Understanding Pakistani pop today through its writers | The Express Tribune

Natasha Noorani, Abdullah Siddiqui, and Sherry Khattak identify new directions in contemporary local pop music


Music has always been tethered to the personal. But life in a post-lockdown world has revitalized that relationship for today’s Pakistani pop industry. I still remember how it felt to watch Hasan Raheem’s pastel-filled Aisay Kaisay music video, filmed just down the street from me, and then to meet the fabulous Zeb Bangash for the first time online live.

Strangely, the void Covid left in human contact gave all kinds of art a visceral proximity. There was a vulnerability we craved. A refreshing rawness and relatability that Pakistani pop began to deliver – in a number of ways.

This was something I discussed at length with the brilliant, ever-composed Natasha Noorani. Many will recognize her as a dynamic mainstream performer, but not many know she holds a Master’s in ethnomusicology, or that she runs a Pakistani pop archive page on Instagram.

She traced major transformations in the pop industry back to the start of lockdown in 2020, when artists could no longer depend upon live shows for income, “What it did was, it kind of set an equalizer off. Everyone was sitting at home making music, whether they were collaborating virtually, not doing that… all of those doors were open. I did so many virtual collaborations and performances during Covid right from my bedroom. Having that time and space and ability to negate all of the fluff and the glam and the shiny sparkles that come with having to make it in the industry… it was just so nice for that focus to be on the music itself.”

This recentering of the music scene allowed pop to soar past any tightly drawn boundaries that big names in the industry could control. What we knew of pop was destabilized, and then rebuilt by the independent music scene in fascinating new ways. But this is not the first time indie music has played a pivotal role in rediscovering local pop sound. Both have influenced each other since the 90s, originally with bands like Milestones, Fringe Benefits, and many others, being discovered on the show, Music Channel Charts.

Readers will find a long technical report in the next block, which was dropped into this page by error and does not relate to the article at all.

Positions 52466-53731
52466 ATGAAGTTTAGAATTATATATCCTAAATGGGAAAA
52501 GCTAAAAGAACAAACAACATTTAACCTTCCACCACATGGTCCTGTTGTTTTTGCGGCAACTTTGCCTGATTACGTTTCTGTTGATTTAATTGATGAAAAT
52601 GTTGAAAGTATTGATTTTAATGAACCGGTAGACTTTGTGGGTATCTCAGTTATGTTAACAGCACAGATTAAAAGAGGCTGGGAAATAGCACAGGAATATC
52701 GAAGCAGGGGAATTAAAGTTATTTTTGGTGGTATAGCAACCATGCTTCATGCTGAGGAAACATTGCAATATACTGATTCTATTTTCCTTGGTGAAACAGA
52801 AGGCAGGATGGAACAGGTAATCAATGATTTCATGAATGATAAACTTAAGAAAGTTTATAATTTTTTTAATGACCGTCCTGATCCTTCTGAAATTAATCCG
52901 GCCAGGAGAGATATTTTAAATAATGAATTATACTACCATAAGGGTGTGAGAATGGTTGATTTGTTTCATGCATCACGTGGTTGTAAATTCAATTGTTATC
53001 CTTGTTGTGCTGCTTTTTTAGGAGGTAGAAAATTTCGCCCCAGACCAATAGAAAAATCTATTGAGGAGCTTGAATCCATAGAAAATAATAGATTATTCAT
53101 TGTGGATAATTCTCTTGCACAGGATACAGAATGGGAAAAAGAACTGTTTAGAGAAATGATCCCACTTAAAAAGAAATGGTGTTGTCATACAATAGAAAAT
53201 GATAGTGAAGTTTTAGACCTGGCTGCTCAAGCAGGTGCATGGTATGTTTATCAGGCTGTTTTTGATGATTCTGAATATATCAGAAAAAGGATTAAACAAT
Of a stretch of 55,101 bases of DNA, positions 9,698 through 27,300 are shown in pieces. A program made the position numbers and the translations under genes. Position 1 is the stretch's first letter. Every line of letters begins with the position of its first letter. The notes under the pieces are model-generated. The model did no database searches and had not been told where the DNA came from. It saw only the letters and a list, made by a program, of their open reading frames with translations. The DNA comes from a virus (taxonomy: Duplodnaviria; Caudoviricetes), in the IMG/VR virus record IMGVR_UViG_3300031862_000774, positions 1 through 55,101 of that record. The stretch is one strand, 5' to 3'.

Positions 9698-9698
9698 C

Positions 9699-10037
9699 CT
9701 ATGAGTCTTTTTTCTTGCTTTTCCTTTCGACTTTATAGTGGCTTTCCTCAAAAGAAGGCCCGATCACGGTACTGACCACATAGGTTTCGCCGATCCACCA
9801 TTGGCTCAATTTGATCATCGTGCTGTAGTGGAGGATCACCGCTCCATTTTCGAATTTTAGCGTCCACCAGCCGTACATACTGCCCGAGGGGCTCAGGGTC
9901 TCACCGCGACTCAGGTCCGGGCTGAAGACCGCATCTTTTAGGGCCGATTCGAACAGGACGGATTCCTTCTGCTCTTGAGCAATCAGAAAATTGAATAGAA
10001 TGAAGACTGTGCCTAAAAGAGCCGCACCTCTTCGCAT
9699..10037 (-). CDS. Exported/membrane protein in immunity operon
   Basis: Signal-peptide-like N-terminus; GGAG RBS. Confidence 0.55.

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It is the independent scene that engineers a space for transcending boundaries of what pop music “should” look like. Having grown up listening to small-time local indie bands, Natasha puts it best, “It’s a very beautiful thing because it is a snapshot of the youth that is embodying it, making it, presenting it, and distributing it to the very same people. I will give it to the independent scene. I think they’re the ones that have kept music alive.”

When we think of indie music – at least those of us who spend most of our time scouring the ends of the earth for it – we tend to picture breathy vocals, acoustic instruments, and stripped down mixes. But a surge in “bedroom producers”, as Natasha puts it, makes for an almost contradictory existence of both rising independent sound and increasingly electronic pop music in Pakistan today.

Longtime producer (and all-round incredible artist) Sherry Khattak argues that songs are their best with a balance of both, “I mean, if you make a completely electronic song with nothing recorded in it or nothing acoustic, it can pretty easily sound very stock. But when it comes to recording a live instrument, the fun thing about that is even if you have the same setup, same microphone, same room, same place where you’re recording, every time will be different. That’s the beauty of audio production.”

This sound-blending practice came as a pleasant surprise, uniting extremist musicheads who either winced at the sight of an interface or saw only “EDM” as the future of pop. But advancements in music production did far more than bridge gaps. Genres in pop today are a growing multiverse, with seemingly opposing sounds, languages, and ideas morphing into each other to create groundbreaking new music.

Abdullah Siddiqui’s entire discography is a masterclass in the diverse, genre-breaking potential of Pakistani “electropop” today – a genre that is often misunderstood to be attached only to club music or heavy digital sound, but that Abdullah insists is so much more limitless. With the advent of synthesizers, he discusses how it is now possible to craft sound at the absolute baseline level, “What I philosophically have always resonated with, about electronic music, is that it doesn’t have any inherent cultural context. You know, nobody owns sound. And because electronic music has allowed for artists to be exacting at that level, I think it just has so much more potential… and gives you so much freedom.”